The True origin of Wolf-Rayet stars

Jorick S. Vink

Armagh Observatory

The Wolf-Rayet (WR) phenomenon is widespread in astronomy. It involves classical WRs, very massive stars (VMS), WR central stars of planetary nebula CSPN [WRs], and supernovae (SNe). But what is the root cause for a certain type of object to turn into an emission-line star? In this contribution, I discuss the basic aspects of radiation driven winds that might reveal the ultimate difference between WR stars and canonical O-type stars. I discuss the aspects of (i) self-enrichment via CNO elements, (ii) high effective temperatures (Teff), (iii) an increase in the helium abundance (Y), and finally (iv) the Eddington factor Gamma. Over the last couple of years, we have made a breakthrough in our understanding of Gamma-dependent mass loss, which will have far-reaching consequences for the evolution and fate of the most massive stars in the Universe. Finally, I discuss the prospects for studies of the WR phenomenon in the highest redshift Ly-alpha and He II emitting galaxies.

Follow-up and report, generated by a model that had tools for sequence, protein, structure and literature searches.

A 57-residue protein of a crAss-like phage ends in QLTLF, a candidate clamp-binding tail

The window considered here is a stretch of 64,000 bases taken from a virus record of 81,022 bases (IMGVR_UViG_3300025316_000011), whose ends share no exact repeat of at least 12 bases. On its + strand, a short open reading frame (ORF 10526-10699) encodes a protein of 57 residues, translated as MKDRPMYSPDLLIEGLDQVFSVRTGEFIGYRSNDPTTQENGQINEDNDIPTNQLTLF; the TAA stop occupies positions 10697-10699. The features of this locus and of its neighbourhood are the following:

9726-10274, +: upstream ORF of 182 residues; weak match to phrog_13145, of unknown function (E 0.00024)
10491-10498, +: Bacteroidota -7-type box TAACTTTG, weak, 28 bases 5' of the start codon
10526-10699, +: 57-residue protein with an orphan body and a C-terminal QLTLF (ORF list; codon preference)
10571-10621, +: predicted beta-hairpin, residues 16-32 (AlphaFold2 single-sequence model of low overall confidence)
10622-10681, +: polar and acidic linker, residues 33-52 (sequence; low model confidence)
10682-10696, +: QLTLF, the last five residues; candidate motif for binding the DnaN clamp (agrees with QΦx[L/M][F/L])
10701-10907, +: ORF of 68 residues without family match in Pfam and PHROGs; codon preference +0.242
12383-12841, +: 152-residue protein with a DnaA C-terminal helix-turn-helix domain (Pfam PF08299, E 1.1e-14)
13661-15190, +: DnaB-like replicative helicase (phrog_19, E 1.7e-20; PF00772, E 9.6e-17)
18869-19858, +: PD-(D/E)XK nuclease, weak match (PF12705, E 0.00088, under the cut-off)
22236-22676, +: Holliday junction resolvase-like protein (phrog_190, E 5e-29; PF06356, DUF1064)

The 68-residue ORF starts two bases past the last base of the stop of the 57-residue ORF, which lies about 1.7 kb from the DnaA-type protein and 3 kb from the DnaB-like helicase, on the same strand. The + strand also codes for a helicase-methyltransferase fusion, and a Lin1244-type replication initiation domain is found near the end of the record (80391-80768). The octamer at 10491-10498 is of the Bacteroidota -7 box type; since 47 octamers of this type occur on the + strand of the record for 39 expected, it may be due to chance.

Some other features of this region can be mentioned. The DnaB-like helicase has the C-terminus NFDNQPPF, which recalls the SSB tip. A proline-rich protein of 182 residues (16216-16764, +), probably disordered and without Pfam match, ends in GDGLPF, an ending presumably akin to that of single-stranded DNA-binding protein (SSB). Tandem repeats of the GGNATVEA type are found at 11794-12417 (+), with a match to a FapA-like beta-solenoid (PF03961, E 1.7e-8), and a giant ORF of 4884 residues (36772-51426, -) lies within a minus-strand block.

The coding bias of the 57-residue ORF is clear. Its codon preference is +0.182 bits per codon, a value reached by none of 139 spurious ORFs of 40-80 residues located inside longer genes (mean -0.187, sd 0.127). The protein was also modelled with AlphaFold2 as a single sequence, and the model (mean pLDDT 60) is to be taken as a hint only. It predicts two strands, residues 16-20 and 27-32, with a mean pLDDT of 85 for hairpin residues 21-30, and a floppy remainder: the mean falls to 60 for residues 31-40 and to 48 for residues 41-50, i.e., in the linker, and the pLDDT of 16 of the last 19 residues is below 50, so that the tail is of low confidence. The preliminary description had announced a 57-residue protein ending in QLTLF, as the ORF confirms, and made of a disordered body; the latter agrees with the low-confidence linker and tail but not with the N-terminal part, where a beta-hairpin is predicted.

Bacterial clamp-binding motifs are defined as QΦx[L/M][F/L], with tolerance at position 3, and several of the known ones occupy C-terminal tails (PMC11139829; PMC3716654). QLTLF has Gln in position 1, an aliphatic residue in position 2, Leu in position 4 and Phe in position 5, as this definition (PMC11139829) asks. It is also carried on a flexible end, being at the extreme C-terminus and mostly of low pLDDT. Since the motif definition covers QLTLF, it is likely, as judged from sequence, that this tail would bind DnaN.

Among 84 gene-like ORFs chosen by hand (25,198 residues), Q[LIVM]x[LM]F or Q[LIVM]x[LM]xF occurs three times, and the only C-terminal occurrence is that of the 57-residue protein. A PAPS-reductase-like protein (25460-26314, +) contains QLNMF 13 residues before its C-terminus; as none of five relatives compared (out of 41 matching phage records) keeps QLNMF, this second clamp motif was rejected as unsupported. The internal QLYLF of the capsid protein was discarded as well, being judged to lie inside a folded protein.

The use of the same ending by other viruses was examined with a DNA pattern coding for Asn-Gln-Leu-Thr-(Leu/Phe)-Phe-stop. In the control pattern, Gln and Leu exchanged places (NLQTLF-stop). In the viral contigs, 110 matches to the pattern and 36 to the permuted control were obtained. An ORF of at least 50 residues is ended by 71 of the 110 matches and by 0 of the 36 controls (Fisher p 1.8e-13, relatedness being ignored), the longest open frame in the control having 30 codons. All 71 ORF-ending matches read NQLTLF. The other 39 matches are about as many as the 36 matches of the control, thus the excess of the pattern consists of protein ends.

Reference: To appear in proceedings of International Workshop on Wolf-Rayet Stars (editors W.R. Hamann, A. Sander, and H. Todt) publisher Universitatsverlag Potsdam
Status: Conference proceedings

Weblink: astro-ph/1366754